Zainichi Literature

Zainichi Literature

Japanese Writings by Ethnic Koreans (TK 3)

John Lie, ed.

Publication date: 2018
ISBN-13 (print): 978-1-55729-180-6
ISBN-10 (print): 1-55729-180-2
ISBN-13 (e-book): 978-1-55729-181-3

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This collection of translated works highlights a selection of writings in translation by Zainichi (diasporic Koreans in Japan). The introduction provides an historical overview of Zainichi diasporic identity; the concluding appendix considers the figure of Kin Kakuei and the flourishing Zainichi literature in the 1960s. Authors whose works are translated and appear in this volume include: Kim Saryang, Kim Talsu, Yang Sŏgil, Lee Jungja, Won Soo-il, Oka Masafumi, and Yū Miri.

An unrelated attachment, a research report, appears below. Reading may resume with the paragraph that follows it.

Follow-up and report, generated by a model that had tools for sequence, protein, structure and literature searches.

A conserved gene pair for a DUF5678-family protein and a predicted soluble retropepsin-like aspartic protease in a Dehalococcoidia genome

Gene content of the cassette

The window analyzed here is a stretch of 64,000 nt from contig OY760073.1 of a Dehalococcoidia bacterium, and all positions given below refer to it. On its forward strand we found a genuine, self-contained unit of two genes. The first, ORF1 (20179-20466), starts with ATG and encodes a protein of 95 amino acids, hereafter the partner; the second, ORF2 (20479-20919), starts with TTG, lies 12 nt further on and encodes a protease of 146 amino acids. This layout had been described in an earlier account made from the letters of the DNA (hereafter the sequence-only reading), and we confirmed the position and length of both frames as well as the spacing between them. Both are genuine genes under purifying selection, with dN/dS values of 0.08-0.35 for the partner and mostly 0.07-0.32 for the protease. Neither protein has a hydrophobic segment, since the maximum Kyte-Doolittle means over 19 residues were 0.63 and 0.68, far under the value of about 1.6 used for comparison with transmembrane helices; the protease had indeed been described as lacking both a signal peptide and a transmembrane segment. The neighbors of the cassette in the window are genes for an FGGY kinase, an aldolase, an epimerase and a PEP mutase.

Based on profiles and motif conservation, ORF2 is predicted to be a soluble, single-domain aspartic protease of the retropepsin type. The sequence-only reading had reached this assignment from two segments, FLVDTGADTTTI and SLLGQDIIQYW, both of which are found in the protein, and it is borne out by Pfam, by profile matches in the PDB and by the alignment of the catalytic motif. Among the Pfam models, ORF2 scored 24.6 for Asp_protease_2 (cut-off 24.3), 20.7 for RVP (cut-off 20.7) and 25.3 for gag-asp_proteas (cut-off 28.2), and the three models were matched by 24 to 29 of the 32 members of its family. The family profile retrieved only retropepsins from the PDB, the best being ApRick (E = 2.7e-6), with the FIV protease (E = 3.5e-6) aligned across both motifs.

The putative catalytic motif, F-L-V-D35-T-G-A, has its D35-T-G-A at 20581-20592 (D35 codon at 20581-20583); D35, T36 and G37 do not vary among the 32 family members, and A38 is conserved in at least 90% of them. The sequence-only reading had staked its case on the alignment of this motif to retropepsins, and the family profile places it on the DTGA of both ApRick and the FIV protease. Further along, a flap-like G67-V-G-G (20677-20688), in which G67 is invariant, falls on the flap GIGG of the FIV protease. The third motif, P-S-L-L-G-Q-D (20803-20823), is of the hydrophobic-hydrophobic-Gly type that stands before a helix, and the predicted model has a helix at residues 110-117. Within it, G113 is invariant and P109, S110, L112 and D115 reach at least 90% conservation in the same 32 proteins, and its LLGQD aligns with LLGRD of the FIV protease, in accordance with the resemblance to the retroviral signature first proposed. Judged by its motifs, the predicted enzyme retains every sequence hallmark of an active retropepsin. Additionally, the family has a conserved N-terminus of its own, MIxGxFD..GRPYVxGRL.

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Title information

This collection of translated works highlights a selection of writings in translation by Zainichi (diasporic Koreans in Japan). The introduction provides an historical overview of Zainichi diasporic identity; the concluding appendix considers the figure of Kin Kakuei and the flourishing Zainichi literature in the 1960s. Authors whose works are translated and appear in this volume include: Kim Saryang, Kim Talsu, Yang Sŏgil, Lee Jungja, Won Soo-il, Oka Masafumi, and Yū Miri.

Contributors: